Gaza crisis: New exchanges of fire after truce ends
Israeli air strikes and Palestinian rocket fire have resumed after a temporary truce in Gaza ended.
Gaza officials said three children were killed in an Israeli air strike in Gaza City. Israel said dozens of rockets had been fired by militants.
The five-hour truce had been called to help Gazans stock up on supplies.
Both Israel and Hamas, which controls Gaza, denied earlier reports a longer-term truce had been agreed but talks are continuing in Egypt.
French Foreign Minister Laurent Fabius is to travel to Egypt and Israel on Friday to try to help with the negotiations, President Francois Hollande said.
Some 230 Palestinians and one Israeli have died in the nine days since Israel launched its Operation Protective Edge.
It says its aim is to halt Palestinian rocket attacks on Israel.
The humanitarian truce took place between 10:00 and 15:00 local time on Thursday.
It was requested by the UN and other international organisations to provide emergency relief and distribute water, food and hygiene kits.
Analysis: BBC's Kevin Connolly in Jerusalem
In an off-the-record briefing in some of Thursday morning's overseas newspapers a senior Israeli military official is quoted as describing the likelihood of an Israeli ground operation in Gaza as "very high". The military logic is clear, as it always has been.
Israel's air force is steadily working its way down a long target list. But there are other targets that could only be reached by ground forces - better-concealed long-range rockets are one example.
Ground operations could mean anything from raids by units of Israel's Special Forces to an all-out invasion and occupation. That would mean Israeli casualties too - perhaps a lot of them - and give Israel responsibility for running Gaza even as it hunted and fought militants.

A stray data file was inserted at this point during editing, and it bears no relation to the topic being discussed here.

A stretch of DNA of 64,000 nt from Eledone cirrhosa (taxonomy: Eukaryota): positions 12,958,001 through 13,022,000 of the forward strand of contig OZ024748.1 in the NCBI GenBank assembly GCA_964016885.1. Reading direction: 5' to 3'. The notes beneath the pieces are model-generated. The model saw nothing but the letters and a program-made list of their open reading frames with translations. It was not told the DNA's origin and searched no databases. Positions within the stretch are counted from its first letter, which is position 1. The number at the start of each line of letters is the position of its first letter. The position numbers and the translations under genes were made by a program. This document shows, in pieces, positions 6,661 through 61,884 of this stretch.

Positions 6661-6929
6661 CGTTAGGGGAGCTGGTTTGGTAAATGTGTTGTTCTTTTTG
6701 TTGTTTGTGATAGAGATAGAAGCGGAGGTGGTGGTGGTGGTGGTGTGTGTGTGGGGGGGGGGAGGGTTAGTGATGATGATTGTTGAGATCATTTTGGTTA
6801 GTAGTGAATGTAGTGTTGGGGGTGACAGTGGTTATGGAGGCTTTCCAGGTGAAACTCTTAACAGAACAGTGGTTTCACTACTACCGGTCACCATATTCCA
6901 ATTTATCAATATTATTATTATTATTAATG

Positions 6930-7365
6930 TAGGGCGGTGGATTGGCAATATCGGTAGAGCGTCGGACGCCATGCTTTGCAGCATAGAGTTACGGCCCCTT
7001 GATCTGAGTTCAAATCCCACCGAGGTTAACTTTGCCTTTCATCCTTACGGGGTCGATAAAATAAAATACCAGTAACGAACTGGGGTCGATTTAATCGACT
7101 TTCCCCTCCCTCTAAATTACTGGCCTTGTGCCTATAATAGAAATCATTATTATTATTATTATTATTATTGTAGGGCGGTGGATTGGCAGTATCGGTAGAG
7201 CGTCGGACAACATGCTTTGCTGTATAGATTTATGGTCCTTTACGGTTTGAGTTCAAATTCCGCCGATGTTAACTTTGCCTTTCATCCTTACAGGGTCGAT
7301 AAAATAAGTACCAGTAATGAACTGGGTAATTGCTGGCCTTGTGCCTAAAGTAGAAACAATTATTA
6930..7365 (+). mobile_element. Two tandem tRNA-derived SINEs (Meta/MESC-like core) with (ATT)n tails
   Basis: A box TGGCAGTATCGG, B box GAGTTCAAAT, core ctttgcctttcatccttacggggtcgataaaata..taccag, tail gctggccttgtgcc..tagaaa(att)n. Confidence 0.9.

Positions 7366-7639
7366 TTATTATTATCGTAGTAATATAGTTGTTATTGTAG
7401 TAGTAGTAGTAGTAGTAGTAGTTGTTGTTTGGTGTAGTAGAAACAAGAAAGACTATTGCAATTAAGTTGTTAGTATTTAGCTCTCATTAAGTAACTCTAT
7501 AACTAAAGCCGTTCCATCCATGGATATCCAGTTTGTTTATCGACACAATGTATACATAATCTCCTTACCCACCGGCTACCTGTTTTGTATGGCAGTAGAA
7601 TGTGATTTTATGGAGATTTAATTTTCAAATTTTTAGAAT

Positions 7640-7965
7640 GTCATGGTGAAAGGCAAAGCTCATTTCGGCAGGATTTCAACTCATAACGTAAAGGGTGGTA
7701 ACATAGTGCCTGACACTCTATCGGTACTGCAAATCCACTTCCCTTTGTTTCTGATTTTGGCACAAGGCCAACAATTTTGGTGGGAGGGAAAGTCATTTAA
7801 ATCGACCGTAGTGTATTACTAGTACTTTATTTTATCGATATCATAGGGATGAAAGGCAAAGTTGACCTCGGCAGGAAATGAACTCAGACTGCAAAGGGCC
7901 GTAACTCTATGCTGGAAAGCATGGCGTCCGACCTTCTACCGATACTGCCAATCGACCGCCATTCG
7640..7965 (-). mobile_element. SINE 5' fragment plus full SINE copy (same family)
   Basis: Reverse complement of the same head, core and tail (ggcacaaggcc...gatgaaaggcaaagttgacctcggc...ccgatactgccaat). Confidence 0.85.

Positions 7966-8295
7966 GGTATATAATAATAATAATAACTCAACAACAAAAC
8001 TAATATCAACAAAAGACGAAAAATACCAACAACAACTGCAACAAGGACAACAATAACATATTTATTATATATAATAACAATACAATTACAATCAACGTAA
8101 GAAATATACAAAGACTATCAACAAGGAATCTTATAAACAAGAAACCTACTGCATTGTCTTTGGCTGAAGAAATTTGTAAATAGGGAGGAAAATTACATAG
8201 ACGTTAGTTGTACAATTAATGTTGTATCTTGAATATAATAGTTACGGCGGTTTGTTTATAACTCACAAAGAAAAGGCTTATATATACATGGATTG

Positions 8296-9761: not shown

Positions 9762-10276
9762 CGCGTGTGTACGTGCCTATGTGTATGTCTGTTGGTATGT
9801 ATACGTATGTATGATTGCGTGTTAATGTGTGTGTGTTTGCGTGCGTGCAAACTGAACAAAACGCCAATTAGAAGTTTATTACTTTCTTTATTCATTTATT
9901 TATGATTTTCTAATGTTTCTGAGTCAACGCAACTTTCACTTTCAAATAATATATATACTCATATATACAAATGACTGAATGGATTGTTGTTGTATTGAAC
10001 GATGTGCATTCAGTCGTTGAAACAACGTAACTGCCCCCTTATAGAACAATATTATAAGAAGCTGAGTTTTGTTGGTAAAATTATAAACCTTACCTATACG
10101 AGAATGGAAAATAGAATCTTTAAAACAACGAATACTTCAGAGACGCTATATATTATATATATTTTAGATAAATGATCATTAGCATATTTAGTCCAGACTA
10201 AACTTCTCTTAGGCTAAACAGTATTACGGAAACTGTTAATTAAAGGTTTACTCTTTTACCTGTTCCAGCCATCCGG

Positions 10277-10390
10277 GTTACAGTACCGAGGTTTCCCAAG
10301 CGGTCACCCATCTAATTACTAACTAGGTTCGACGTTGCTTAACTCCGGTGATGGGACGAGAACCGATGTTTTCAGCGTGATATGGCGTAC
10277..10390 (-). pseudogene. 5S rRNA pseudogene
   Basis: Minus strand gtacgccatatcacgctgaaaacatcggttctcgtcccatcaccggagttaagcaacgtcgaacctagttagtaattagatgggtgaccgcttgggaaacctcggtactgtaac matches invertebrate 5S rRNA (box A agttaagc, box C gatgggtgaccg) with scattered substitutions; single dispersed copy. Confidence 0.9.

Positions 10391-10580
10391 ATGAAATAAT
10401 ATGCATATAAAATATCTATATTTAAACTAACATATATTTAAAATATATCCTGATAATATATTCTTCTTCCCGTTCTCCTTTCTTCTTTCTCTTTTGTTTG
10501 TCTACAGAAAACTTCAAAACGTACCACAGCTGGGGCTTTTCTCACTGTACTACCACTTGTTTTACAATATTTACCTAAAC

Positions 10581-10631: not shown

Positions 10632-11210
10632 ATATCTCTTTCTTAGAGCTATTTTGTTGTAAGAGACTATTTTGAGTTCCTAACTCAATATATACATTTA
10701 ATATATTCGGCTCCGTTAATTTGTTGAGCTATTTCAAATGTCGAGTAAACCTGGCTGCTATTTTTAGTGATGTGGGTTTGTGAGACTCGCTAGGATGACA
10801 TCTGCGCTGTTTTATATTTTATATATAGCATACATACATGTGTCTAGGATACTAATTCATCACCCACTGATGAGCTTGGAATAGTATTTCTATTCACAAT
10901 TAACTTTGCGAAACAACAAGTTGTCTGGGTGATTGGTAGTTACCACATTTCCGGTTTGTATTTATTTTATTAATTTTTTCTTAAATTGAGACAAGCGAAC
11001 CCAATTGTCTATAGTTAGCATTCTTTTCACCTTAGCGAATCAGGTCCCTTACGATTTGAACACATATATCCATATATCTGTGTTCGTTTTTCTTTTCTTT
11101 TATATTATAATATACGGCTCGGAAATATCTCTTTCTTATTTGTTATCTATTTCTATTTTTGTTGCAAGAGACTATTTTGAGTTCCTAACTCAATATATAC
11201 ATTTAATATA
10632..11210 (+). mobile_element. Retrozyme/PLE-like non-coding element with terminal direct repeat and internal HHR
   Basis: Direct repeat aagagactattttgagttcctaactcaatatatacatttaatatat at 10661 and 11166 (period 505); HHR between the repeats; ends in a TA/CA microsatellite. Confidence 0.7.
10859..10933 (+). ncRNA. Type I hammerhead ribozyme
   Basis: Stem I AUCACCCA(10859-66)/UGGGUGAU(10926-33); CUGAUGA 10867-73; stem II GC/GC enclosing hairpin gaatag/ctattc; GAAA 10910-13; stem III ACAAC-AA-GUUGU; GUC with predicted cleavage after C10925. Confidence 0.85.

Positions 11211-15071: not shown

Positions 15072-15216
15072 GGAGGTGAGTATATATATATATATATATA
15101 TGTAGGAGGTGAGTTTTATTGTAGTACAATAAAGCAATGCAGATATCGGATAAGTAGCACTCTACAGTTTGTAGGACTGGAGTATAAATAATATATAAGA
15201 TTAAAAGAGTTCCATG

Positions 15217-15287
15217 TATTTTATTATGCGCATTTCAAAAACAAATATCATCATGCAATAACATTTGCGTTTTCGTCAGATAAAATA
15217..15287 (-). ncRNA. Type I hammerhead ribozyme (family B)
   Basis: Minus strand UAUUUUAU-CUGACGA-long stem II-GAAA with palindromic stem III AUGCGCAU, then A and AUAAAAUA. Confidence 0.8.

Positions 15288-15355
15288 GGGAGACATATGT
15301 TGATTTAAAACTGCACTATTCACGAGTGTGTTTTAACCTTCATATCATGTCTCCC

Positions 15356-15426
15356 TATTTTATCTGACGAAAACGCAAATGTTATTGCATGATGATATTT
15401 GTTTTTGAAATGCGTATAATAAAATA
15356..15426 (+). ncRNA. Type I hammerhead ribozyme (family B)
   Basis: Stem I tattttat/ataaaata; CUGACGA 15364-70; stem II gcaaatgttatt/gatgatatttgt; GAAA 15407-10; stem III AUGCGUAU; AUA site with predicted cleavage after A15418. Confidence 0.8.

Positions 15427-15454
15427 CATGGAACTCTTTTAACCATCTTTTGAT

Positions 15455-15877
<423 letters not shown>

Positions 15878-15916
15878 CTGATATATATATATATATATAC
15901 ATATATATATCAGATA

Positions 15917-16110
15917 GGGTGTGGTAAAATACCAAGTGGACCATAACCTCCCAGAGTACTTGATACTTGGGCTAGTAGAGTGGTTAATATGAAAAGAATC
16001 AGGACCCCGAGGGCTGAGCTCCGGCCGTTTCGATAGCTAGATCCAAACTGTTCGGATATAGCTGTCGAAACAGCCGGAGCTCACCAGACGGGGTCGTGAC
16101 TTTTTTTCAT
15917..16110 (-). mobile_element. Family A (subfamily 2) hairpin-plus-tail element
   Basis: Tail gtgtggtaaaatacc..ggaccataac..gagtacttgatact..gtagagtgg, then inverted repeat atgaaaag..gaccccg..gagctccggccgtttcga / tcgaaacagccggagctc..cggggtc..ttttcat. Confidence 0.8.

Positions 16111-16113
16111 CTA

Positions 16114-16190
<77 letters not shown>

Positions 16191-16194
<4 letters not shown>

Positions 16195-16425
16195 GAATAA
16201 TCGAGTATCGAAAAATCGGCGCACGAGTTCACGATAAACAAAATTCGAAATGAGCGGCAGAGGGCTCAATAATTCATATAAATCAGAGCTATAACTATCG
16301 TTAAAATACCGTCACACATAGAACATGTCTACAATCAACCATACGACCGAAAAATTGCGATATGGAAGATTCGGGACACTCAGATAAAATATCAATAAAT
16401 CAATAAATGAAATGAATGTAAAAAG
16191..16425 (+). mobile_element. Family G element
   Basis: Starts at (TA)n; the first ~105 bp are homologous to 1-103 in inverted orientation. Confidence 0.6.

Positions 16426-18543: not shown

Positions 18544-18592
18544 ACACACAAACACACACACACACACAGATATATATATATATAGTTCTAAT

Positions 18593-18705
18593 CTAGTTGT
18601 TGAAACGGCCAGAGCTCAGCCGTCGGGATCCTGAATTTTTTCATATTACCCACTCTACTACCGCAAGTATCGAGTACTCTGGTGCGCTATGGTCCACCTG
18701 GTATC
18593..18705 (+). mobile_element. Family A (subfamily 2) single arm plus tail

Lots of Israeli politicians want the army to go in, but so far PM Benjamin Netanyahu is hesitating. In the meantime, leaks suggesting a ground operation is "highly likely" are a psychological weapon in themselves.
Gazans used the truce to stock up on supplies. They queued outside banks and there were traffic jams.
Both sides reported violations of the temporary truce.
A few minutes after it ended, the Israel Defense Forces said a rocket fired from Gaza had hit the town of Ashkelon.
It was followed by regular reports of further rocket attacks, some of the missiles being brought down by the Iron Dome defence system.
Tel Aviv, Beersheba and Ashkelon were said to have been targeted but there were no reports of casualties.
Witnesses in Gaza said Israel's first air strike after the temporary truce ended was on agricultural land near Beit Lahiya.
Israeli Economy Minister Naftali Bennett said time was running out for Hamas.
"We are moving from Iron Dome to an iron fist," he said.
The health ministry in Gaza later said an Israeli air strike had hit a home in the Sabra area of Gaza City, killing three children - aged between seven and 10 - from the same family.
There was an unconfirmed report that another child had been killed in an air strike on Khan Younis.
Israeli President Shimon Peres had earlier apologised for the deaths of four other Palestinian children who were hit on a beach near Gaza City on Wednesday.
New truce 'incorrect'
Earlier reports from the Egyptian capital, Cairo, suggested a new longer-term ceasefire had been agreed, starting at 06:00 local time (03:00 GMT).
Egypt has been mediating in negotiations between Israel and Hamas.
However, Israel's Foreign Minister Avigdor Lieberman told Israeli media: "The reports of a ceasefire are far from representing reality. I spoke with the prime minister, and as of now they are incorrect."
Hamas spokesman in Gaza Sami Abu Zuhri told Agence France-Presse: "The news about a ceasefire is incorrect. There are continuing efforts but no agreement until now."
Israel says it has carried out more than 1,960 attacks on Gaza since 8 July, while militants have fired some 1,380 rockets at Israel.
The Israeli military has mobilised tens of thousands of troops on the border with Gaza amid speculation that a ground invasion could be launched.
The UN says at least 1,370 homes have been destroyed in Gaza and more than 18,000 people displaced in recent hostilities.
It says most of those killed in Gaza have been civilians.
Israel accuses Hamas of hiding its military infrastructure within the civilian population.
On Thursday, the UN Relief and Works Agency for Palestine refugees said it had found 20 rockets hidden in one of its vacant schools in Gaza and "strongly condemned" whichever group had placed them there.
Also on Thursday, Turkish Prime Minister Recep Tayyip Erdogan launched a bitter attack on Israel, accusing it of "systematic genocide" of Palestinians.